His answer to their main question was that everything occurred spiritually. There was a spiritual earthquake. He hasn’t given up.  The world’s going to end in October. He’s sure of it.

Harold claims to know all this from his calculations from the bible. He’s also dead against the Christian churches–all of them–which he says are inhabited by Satan. All you need are the bible and Harold for going through this world and  getting into the next.

In one way, Harold is a perfect example of why we need churches. He’s also an example of why private interpretation of the bible is rejected by the Catholic Church. Once you say that every individual has the primary role in interpreting the bible, you are on the way to creating as many churches as there are people like Harold.

The other danger Harold illustrates is that he make the bible he holds on his lap the sole authority for everything spiritual. Yes, it’s God’s word. But where did that  book come from, you want to ask him? It didn’t appear mysteriously from heaven. It was a book that came from believers. Parts of it were “memoirs of the apostles,” parts of it were “writings of the prophets,” letters from Paul and others. It’s a library of different experiences and expressions.

You need a living church to help you interpret it and give you balance. You need a living church to express and develop its wisdom. You need more than Harold.

An Upward Movement

Well, the world didn’t end yesterday. But a lot of  Catholics went to confesssion, just in case, I hear. The media is searching for Harold Camping but haven’t found him yet.

Instead of Harold’s gloomy, scary message, Jesus promises in the scriptures read at Mass today that he is the way, the truth and the life and that he has a home for us beyond this one. Good news for all.

In today’s Office of Readings there’s a wonderful sermon of St. Maximus of Turin proclaiming that all creation rises through the Resurrection of Jesus; “each element raising itself to something higher.” An antidote to the individualistic interpretation of the mystery of the redemption we hear so often.

“Christ is risen! He has burst open the gates of hell and let the dead go free; he has renewed the earth through the members of his Church now born again in baptism, and has made it blossom afresh with people brought back to life. His Holy Spirit has unlocked the doors of heaven, which stand wide open to receive those who rise up from the earth. Because of Christ’s resurrection the thief ascends to paradise, the bodies of the blessed enter the holy city, and the dead are restored to the company of the living. There is an upward movement in the whole of creation, each element raising itself to something higher. We see hell restoring its victims to the upper regions, earth sending its buried dead to heaven, and heaven presenting the new arrivals to the Lord. In one and the same movement, our Saviour’s passion raises human beings from the depths, lifts them up from the earth, and sets them in the heights.”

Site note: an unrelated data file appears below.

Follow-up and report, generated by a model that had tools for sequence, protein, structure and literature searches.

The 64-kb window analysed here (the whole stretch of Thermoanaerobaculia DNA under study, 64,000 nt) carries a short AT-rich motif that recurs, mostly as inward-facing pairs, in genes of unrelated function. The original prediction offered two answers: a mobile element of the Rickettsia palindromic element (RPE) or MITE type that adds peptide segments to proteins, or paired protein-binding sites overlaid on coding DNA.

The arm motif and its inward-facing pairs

That’s a message poor Harold didn’t understand.

Harold Camping’s Judgment Day

Harold Camping is predicting judgment day today around 6 PM. Signs are up in the buses and on billboards in our area.

I watch his program every once in awhile because he’s an unlikely prophet. He’s an old man with a face like shoe leather and a gravely slow voice who always thanks those who call in to his program “for sharing.” But really there’s not much sharing. It’s mostly Harold shuffling through the bible he has on his lap and droning out his commentaries on bible verses. His big news is the end of the world coming today.

He’s dead against the Christian churches of any denomination. Satan’s got into the churches, he says. He’s arrived at today’s judgment day by an absurd set of calculations. But unfortunately he’s got an big audience out there who have lost confidence in institutions like churches and governments and are afraid.

Harold preys on their fears. He announces a God who only will save a few. Get ready, Harold says. He’s coming today in earthquakes. And while you’re getting ready, send some money in to Family Radio so that they can announce the news to the world.

It would be laughable, if you did not listen to the callers on Harold’s show. Last night a couple were asking about their three year old baby. “Will our baby be saved?” Their baby can’t speak yet for herself and can’t pray so they have her close by as they read their bible and pray fearfully for salvation. But how can they help their baby be saved?

“Let not your hearts be troubled,” Jesus said in our readings at Mass yesterday. “In my  Father’s house there are many mansions.”

Harold’s God isn’t mine.

Our Union with Jesus Christ

We should not forget our union with Jesus Christ, Pope St. Clement tells us in his Letter to  the Corinthians. Though we celebrate our independence, our uniqueness, our power to choose, as we do particularly today, these are not isolated from the gift of communion.  Jesus does not take these away these gifts or suppress them; he redeems them and gives them new power.  He calls us to communion.